Is John Bolton Too Tough on Russia for Donald Trump?

Where the president sees a "hoax," the would-be national security adviser sees an "assault."

Photo Credit: Fox News Channel

John Bolton, reportedly under consideration to replace National Security Adviser H.R. McMaster, was memorably characterized by one State Department official who knew him as a "kiss-up, kick-down sort of guy."

In other words, said State Department intelligence chief Carl Ford, Bolton (and his fabulous mustache) was always ready to please those who had authority over him, while trashing the people working under him.

Bolton’s mastery of this tried-and-true technique for bureaucratic success is probably why he is now on the short-list to become President’s Trump’s national security adviser. Bolton certainly aspires to running America’s seven ongoing wars and challenging North Korea’s Kim Jong-un.

Kissing up: Bolton called Trump’s speech at the United Nations last September the "best of his presidency."

Kicking down: Bolton blasted a Wall Street Journalop-ed on North Korea written by Secretary of State Rex Tillerson and Defense Secretary James Mattis. “We should not continue twenty-five years of failed policies under a different slogan,” he tweeted.

Factually Challenged Bluster

Bolton emerged as a neoconservative foreign policy ideologue in the first Bush administration. He supported pre-emptive war on Iraq as early as 1998.

In the second Bush administration, he endorsed and promoted the bogus intelligence reports on Iraq’s (nonexistent) weapons of mass destruction that were used to justify the invasion of Iraq in March 2003. When the invasion failed to find any WMD, failed to establish a democracy, killed a million civilians, and wound up costing U.S. taxpayers $2 trillion over a decade, Bolton thoughtfully disclosed that he had "no regrets."

Bolton’s reputation for factually challenged bluster prompted even the Republican-controlled Senate to reject his nomination to be U.N. ambassador in 2005. President Bush gave him a recess appointment instead, which didn't require confirmation. Bolton served two years in which he dedicated himself to making sure the International Criminal Court never gets its multilateral mitts on any suspected American war criminals.

After Trump’s election, the National Review endorsed Bolton for Secretary of State. He was considered, though not chosen for the position, reportedly because his walrus mustache did not live up to Trump's aesthetic standards.

Last week CBS News reported that, while Bolton’s bristle is a "sensitive subject" with Trump, the mustache would not automatically disqualify him from the national security adviser job.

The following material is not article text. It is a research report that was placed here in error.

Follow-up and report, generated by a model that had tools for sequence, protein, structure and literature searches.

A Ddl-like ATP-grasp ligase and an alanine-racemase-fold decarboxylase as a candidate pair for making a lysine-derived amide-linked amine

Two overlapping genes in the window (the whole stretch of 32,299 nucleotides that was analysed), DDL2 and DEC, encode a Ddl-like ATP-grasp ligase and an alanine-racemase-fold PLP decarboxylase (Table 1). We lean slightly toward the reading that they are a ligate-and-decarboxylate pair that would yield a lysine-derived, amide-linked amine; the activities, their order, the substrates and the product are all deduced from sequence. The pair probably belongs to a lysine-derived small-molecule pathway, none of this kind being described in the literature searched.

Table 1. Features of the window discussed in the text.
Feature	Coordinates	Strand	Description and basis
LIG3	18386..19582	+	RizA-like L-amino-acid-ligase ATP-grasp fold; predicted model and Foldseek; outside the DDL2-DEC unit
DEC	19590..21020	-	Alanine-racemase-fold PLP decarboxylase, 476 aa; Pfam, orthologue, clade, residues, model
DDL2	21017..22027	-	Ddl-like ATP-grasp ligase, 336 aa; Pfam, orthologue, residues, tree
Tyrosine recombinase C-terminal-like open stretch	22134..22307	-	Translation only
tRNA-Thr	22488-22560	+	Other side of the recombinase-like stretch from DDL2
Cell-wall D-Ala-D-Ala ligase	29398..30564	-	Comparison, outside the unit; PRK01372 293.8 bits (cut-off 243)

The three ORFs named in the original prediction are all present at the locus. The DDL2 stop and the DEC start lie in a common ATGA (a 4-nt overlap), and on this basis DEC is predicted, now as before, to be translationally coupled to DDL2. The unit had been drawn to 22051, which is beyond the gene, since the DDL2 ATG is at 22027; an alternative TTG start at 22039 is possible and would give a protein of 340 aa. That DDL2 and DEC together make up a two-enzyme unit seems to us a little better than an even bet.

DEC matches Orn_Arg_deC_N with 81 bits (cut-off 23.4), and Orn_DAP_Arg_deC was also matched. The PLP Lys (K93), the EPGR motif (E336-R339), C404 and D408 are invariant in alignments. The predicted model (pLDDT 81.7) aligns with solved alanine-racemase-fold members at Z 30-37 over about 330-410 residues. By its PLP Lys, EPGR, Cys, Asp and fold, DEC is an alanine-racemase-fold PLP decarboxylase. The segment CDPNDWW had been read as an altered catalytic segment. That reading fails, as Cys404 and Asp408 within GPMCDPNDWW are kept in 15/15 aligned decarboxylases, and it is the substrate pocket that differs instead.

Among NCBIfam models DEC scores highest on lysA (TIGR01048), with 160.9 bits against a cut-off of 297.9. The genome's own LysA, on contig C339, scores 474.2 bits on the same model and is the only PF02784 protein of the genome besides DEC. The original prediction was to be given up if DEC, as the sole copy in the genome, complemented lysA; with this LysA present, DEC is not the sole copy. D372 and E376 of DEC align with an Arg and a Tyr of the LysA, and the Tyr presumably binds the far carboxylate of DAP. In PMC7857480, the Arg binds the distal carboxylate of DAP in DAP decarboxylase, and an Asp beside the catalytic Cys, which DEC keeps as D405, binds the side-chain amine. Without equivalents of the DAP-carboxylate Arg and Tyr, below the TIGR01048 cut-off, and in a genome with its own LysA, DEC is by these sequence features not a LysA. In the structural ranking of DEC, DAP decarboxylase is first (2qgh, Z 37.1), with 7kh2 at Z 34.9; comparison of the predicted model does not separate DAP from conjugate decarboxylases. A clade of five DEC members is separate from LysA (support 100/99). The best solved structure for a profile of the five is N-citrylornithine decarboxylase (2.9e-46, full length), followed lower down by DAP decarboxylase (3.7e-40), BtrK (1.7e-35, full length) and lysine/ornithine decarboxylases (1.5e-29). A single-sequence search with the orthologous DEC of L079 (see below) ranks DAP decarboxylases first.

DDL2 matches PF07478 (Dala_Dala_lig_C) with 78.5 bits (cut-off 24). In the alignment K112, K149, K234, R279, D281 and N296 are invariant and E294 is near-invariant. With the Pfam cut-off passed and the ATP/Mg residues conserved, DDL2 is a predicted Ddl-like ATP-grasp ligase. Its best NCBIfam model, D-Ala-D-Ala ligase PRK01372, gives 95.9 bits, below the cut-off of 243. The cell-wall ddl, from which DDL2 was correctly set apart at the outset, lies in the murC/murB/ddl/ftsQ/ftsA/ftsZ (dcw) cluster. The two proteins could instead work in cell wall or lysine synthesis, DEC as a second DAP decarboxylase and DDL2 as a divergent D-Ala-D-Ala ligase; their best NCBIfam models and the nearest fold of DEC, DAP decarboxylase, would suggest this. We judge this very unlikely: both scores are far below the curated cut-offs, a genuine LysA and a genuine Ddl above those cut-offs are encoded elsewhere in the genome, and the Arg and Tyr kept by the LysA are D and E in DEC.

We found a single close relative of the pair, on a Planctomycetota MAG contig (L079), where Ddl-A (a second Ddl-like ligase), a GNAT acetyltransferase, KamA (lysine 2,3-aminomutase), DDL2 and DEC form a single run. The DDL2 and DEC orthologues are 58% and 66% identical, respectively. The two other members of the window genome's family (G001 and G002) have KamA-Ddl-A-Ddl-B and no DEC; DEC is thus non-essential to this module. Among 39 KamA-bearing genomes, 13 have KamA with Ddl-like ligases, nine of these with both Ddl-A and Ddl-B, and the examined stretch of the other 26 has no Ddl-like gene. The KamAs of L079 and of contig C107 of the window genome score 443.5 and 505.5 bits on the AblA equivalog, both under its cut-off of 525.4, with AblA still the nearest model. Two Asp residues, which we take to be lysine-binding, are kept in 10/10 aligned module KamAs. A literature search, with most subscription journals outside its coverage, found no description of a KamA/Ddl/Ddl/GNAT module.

Facial Hair or Russia?

Bolton’s biggest problem with Trump is not his facial hair; it's that he is hawkish on Russia, just like he is hawkish on every other issue—and he is way more hawkish than his would-be boss.

While Bolton’s tweets on North Korea and calls for war on Iran are sure to warm Trump’s cardiac organ, his tweets on Russia are out of step with the president.

When Trump joined the crickets about the alleged attempted assassination of a critic of Vladimir Putin in Great Britain, Bolton called for “strong measures.”

While Trump says special prosecutor Robert Mueller’s indictments are evidence of a “witch hunt,” Bolton said last month they expose Putin’s perfidy.

While Trump soft-pedals Putin’s abuses of power, Bolton believes “Russia’s assault on the American idea” will enable Trump to take "tough action."

When Fox News asked Bolton about the possibility of Russia disrupting the 2018 U.S. midterm elections, he replied as many Democrats might: "The notion of spreading false information, of getting people to turn on one another, to undermine faith in law enforcement & intelligence institutions, that all plays right into Russia's hands," he said.

But does President Trump want to listen to such aspersions being cast on his pal Putin in his meetings with his national security adviser? Probably not.

Trump believes Putin deserves congratulations for his rigged re-election. He hopes to meet with the Russian president soon. And he has always thought U.S. policy toward Russia should be less aggressive than whatever his advisers and Congress propose. Bolton is not with the Trump program on Putin.

Trump wants the public to believe that allegations of Russian wrongdoing are a smokescreen concocted by that supposed den of liberals known as the FBI. Bolton's observations about Russia could bolster Trump's critics. It is no surprise that conspiracy theorist Joe diGenova has landed a job with Trump, while uber-hawk Bolton is still waiting at the altar.

When it comes to Russia, Bolton needs to improve his kissing-up skills. Otherwise, he's going to miss out on his dream job again.

Jefferson Morley is a senior writing fellow at the Independent Media Institute. He is the editor the JFK Facts blog and author of The Ghost: The Secret Life of CIA Spymaster James Jesus Angleton (St. Martin's Press). Follow him on Twitter @JeffersonMorley.